All suffering would seem to be gratuitous when one is on the receiving end of its fury. The fact that our editor feels a sense of shame merely points to a herculean standard that lies outside the province of our human capacity to love as God loves. How quickly, when faced with the grinding and inexorable decline of our parent into the twilight horror of dementia, we realize that our native reservoir of compassion runs dry, leaving us with only two options: abandon the plow and walk away or plead with the heavens for the necessary wisdom and fortitude. If you can not look to One stronger than yourself, who else are you to lean upon?

    I’m sure by now we all realize that life is a contest where no one gets out alive. Yet, it is how we approach those tribulations that determines if we shall ever find a place of peace to dive into when the friction of existence bears down upon us. Bad actions and indelicate thoughts stem from the anger, anxiety, and frustration that catches us in their vicelike grip. Such thoughts would shame Hell, if given a voice, but still we proceed on through our sufferings in a zombie-like manner: desiring nothing other than the faint glimmer of light at the other end of this darkness. When we do arrive, and arrive we shall, the perspective of it all changes, and we come to the knowledge that this suffering was not gratuitous, but offered so that we might be excavated into something deeper and more valuable than we were before.

    When my mother went into the hospital for what would be her terminal diagnosis of aggressive brain cancer, she refused the tests that would have determined whether the doctors could have saved her life. I had to actually lie to the hospital and take matters into my own hands because mom was being so difficult. I swore at both my mother and father (and they at me) for their retrograde actions during their declines because they made a terribly difficult thing infinitely more taxing for those who only wanted to honor them. These times reveal that we are all too human when traversing the maelstrom. I wish I could have done more, but I eventually realized that I was wrestling with my parents’ fear at death’s irresistible necessity. The blade cut both ways, and as they were changed, so was I.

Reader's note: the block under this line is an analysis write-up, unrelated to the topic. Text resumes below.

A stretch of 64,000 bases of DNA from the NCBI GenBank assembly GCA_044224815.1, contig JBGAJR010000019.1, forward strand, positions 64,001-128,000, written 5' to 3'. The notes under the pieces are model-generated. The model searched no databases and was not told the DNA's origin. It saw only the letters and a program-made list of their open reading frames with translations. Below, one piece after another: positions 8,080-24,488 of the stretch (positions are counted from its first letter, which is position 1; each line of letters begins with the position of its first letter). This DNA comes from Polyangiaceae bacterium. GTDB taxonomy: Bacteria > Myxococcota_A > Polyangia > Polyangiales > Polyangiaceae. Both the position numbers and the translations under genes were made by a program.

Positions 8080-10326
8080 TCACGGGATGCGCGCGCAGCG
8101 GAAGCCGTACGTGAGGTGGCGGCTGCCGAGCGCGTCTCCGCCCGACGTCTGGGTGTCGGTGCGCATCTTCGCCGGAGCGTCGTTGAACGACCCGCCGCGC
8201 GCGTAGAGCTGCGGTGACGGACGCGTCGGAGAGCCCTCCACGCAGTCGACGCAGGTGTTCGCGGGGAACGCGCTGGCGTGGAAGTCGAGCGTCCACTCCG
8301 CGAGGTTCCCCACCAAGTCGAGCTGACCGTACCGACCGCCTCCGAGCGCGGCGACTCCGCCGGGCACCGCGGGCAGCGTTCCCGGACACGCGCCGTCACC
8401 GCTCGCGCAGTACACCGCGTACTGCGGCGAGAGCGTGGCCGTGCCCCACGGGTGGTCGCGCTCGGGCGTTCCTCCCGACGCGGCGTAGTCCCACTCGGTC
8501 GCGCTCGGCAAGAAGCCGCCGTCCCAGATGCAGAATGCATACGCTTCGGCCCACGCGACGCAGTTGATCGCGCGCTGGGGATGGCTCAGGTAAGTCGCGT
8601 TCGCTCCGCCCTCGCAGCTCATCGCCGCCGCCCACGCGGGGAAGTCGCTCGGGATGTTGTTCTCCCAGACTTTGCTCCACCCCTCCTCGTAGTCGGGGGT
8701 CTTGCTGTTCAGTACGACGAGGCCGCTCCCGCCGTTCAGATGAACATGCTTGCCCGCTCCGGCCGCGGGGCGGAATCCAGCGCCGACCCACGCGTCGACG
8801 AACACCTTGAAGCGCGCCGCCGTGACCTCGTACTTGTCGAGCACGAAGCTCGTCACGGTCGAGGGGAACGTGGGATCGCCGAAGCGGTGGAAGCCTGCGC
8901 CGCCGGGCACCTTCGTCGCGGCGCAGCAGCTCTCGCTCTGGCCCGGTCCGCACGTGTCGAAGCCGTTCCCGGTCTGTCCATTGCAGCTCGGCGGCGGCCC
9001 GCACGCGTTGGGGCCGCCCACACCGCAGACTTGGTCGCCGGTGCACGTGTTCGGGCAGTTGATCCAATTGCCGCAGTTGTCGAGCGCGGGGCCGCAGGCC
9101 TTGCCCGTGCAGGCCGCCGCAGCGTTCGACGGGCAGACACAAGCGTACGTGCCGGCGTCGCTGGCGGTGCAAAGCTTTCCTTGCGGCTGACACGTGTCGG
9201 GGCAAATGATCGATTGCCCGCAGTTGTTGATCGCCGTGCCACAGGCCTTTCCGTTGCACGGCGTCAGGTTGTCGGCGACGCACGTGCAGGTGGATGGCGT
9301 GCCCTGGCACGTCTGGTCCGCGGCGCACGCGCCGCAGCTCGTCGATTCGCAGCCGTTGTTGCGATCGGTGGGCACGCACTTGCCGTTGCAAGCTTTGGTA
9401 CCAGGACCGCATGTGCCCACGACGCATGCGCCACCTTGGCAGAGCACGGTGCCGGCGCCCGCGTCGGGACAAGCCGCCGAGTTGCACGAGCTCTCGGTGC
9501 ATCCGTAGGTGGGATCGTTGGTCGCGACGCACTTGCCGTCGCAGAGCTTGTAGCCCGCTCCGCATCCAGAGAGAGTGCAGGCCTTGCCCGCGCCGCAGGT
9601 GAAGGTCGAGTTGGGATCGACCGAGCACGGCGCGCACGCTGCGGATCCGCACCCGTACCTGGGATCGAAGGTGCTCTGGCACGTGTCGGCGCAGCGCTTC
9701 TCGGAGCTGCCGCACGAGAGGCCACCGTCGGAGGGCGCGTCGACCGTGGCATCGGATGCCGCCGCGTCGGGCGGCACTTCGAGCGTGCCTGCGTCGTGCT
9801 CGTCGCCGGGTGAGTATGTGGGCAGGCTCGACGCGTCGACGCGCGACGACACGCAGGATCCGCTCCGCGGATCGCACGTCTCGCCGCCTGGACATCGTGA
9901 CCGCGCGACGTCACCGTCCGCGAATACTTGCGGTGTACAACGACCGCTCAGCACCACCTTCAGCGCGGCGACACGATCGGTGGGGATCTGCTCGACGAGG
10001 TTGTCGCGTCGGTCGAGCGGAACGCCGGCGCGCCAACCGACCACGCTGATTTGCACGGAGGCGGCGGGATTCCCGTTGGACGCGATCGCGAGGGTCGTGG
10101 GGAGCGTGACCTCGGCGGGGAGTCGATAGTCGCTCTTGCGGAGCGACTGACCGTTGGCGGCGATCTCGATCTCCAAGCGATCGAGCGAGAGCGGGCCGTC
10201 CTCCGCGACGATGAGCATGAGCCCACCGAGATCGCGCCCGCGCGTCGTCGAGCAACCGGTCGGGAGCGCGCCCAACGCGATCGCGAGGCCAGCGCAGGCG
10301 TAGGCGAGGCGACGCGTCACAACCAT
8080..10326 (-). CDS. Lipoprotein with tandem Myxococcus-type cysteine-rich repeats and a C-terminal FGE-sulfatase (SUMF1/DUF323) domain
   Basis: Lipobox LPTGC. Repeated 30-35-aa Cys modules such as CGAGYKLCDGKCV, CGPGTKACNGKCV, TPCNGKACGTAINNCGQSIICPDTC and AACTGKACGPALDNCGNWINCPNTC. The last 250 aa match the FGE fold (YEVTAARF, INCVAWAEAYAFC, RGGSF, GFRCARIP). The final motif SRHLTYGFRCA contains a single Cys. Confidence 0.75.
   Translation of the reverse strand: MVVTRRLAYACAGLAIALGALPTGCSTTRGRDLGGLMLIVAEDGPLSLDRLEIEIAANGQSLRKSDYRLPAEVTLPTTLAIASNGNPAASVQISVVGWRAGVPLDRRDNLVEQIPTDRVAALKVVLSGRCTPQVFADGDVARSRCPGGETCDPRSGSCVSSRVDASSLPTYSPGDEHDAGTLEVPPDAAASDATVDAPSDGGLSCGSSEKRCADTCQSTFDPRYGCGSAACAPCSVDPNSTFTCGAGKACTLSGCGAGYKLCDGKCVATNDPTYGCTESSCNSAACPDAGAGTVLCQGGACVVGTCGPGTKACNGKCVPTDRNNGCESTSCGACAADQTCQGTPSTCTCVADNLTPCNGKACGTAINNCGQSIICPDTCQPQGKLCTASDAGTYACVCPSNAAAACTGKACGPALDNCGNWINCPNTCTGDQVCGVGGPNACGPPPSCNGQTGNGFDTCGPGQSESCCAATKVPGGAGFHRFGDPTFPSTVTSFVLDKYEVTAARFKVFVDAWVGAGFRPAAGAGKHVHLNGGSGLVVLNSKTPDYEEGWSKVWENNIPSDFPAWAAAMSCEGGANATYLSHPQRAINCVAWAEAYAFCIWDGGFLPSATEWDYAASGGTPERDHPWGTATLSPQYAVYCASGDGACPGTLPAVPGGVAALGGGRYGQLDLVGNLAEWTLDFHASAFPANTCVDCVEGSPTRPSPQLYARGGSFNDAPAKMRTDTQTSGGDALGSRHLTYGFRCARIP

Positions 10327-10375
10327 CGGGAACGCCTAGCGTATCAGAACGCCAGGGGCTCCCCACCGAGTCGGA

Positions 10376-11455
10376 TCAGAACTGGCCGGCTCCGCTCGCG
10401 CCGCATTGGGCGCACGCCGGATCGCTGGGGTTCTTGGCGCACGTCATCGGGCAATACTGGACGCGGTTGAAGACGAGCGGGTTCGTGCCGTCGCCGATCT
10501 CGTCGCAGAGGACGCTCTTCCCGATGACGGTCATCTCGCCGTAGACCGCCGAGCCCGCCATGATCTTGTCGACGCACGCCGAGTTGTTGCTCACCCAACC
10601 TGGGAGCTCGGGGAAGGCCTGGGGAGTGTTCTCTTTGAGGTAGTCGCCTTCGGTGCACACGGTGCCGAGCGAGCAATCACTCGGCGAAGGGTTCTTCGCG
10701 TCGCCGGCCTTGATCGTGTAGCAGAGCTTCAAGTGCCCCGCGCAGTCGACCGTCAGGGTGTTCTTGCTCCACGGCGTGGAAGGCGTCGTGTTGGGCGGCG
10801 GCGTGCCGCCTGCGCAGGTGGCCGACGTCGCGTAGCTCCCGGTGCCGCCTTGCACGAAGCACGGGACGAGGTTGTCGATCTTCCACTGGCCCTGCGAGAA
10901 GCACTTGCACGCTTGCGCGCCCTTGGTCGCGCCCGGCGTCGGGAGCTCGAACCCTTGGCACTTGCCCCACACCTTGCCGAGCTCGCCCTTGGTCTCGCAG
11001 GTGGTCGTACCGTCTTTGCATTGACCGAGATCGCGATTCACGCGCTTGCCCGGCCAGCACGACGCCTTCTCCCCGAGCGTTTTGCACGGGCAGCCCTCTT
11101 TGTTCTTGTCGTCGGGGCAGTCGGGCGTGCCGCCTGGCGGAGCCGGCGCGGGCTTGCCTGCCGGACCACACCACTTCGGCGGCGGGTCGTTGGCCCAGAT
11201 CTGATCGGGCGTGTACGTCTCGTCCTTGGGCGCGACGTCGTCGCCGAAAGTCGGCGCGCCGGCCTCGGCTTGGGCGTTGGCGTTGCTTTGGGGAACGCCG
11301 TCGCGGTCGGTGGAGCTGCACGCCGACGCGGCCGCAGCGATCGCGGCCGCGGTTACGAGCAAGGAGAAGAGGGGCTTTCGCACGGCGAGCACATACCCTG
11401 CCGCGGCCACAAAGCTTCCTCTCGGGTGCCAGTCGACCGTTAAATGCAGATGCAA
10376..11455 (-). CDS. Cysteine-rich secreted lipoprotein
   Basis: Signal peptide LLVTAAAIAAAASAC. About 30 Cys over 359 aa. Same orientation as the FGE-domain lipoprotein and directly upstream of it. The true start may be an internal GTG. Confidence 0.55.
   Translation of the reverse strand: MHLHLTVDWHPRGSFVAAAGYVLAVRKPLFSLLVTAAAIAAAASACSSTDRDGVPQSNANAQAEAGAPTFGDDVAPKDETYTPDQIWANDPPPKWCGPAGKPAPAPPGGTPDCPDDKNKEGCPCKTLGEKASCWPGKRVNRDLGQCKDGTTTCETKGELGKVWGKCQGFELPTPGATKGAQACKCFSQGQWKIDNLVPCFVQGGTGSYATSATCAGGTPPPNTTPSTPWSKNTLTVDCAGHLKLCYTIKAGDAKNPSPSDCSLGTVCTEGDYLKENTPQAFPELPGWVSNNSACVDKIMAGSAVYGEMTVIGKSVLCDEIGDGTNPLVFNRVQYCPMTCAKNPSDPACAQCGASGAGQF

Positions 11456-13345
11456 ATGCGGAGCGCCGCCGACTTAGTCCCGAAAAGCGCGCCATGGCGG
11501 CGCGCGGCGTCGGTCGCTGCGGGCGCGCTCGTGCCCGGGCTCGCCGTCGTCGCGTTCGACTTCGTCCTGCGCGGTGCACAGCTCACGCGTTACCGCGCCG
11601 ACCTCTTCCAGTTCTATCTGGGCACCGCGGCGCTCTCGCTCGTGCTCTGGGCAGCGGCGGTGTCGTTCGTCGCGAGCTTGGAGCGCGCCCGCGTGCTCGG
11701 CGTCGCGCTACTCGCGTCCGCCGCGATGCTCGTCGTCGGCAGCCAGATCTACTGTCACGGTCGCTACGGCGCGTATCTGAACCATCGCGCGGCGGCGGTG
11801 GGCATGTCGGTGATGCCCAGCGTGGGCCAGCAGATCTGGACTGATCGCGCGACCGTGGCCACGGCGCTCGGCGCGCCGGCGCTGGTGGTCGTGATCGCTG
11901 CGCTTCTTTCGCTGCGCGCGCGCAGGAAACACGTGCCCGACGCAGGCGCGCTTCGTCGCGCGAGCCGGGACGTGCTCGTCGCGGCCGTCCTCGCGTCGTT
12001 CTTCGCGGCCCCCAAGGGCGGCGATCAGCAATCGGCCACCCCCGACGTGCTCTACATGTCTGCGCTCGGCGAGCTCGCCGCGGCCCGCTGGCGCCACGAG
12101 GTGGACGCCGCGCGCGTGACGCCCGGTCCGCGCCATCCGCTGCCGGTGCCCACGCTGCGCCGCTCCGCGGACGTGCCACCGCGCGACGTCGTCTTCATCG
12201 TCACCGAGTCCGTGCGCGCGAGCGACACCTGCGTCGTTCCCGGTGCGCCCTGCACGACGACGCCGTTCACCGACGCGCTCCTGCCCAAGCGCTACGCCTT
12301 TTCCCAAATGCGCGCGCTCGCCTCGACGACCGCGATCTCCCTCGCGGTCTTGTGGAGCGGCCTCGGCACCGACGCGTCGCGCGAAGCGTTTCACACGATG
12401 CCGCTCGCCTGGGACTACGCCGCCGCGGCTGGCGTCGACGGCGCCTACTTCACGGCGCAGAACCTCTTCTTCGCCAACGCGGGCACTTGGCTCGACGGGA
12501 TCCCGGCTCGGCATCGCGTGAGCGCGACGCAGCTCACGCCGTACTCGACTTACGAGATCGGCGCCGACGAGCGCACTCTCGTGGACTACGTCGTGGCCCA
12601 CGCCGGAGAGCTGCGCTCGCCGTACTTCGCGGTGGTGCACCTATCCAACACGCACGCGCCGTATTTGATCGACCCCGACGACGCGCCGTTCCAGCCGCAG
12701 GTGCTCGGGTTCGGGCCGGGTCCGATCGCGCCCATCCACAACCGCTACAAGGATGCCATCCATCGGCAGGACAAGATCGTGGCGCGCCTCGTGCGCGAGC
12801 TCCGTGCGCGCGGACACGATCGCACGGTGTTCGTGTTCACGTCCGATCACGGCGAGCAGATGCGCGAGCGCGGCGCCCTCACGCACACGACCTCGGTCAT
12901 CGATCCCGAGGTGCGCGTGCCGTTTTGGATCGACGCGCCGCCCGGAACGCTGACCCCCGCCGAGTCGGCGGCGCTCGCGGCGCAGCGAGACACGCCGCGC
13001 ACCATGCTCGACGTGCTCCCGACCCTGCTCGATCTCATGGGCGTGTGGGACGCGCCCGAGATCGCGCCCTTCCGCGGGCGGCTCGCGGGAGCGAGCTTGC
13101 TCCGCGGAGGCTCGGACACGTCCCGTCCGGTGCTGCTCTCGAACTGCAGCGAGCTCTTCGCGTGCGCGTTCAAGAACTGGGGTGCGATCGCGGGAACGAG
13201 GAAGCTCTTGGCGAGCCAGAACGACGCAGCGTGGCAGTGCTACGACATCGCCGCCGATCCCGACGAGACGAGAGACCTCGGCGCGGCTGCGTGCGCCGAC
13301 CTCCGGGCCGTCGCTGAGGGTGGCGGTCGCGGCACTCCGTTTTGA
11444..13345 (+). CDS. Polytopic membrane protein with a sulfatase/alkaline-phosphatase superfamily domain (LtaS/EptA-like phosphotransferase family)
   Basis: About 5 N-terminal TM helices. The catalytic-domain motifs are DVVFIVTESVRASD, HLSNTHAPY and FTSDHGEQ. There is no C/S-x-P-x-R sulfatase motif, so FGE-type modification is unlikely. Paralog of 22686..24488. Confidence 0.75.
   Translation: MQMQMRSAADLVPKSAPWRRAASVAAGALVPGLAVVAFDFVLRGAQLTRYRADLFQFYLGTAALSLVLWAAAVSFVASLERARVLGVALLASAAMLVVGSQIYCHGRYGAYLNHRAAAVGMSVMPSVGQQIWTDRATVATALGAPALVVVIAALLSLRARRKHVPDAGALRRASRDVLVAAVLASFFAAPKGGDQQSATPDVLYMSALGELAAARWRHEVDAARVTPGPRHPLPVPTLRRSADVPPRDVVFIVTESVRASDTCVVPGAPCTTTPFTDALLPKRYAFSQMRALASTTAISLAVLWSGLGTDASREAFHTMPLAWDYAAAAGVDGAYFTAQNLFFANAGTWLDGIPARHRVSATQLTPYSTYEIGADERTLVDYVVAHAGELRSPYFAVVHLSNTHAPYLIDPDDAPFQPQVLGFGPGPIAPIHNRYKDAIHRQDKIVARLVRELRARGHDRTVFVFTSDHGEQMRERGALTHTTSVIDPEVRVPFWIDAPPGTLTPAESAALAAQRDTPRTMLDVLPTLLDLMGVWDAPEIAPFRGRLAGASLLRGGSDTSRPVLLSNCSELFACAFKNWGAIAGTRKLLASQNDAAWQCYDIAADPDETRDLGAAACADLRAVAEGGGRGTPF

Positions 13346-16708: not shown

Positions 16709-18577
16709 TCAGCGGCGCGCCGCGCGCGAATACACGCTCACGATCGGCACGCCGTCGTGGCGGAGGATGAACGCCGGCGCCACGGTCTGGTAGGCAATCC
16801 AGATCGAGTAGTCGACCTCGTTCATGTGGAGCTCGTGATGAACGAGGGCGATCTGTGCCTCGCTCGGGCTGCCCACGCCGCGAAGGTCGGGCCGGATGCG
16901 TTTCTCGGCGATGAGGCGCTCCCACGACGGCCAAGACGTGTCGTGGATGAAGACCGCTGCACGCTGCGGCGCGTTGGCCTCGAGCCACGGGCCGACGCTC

Few of us have lived in those ideal circumstances wherein love gushes freely like a beautiful fountain, and a God who has suffered fully understands this. But it is how we rise up and meet this deficit that augments our current challenge –day after day– that we do have a measure of control over. It is because of free will that everyday we are becoming closer to something more beautiful or something more hideous to ourselves and to God–the only standard that will ever matter. The mercy that He will grant to you is commensurate with the forgiveness you will grant to others. There is a rock hard logic to this brand of mercy that is antithetical to the spirit of this world. But once you taste this grace on a personal level, how profoundly our perspective changes as to our relations with others. Looking back on the passing of my mother and father, the fog of life obscured the fact that I was being re-made. The process continues apace, and I am better for it, having been dragged kicking and screaming against my native reason towards my final destination.

    • Brad Nelson Brad Nelson says:

      All suffering would seem to be gratuitous when one is on the receiving end of its fury.

      I read this following quote last night from C.S. Lewis “God in the Dock.” Mr. Kung has a saying: “Culture is Everything.” And I doubt that he’d disagree with the idea that “Attitude is Everything.” That’s a lot of everythings to try to add together. But nevertheless…

      But I am beginning to find out that what people call the cruel doctrines are really the kindest ones in the long run. I used to think it was a `cruel’ doctrine to say that troubles and sorrows were `punishments’. But I find in practice that when you are in trouble, the moment you regard it as a ‘punishment’, it becomes easier to bear. If you think of this world as a place intended simply for our happiness, you find it quite intolerable: think of it as a place of training and correction and it’s not so bad.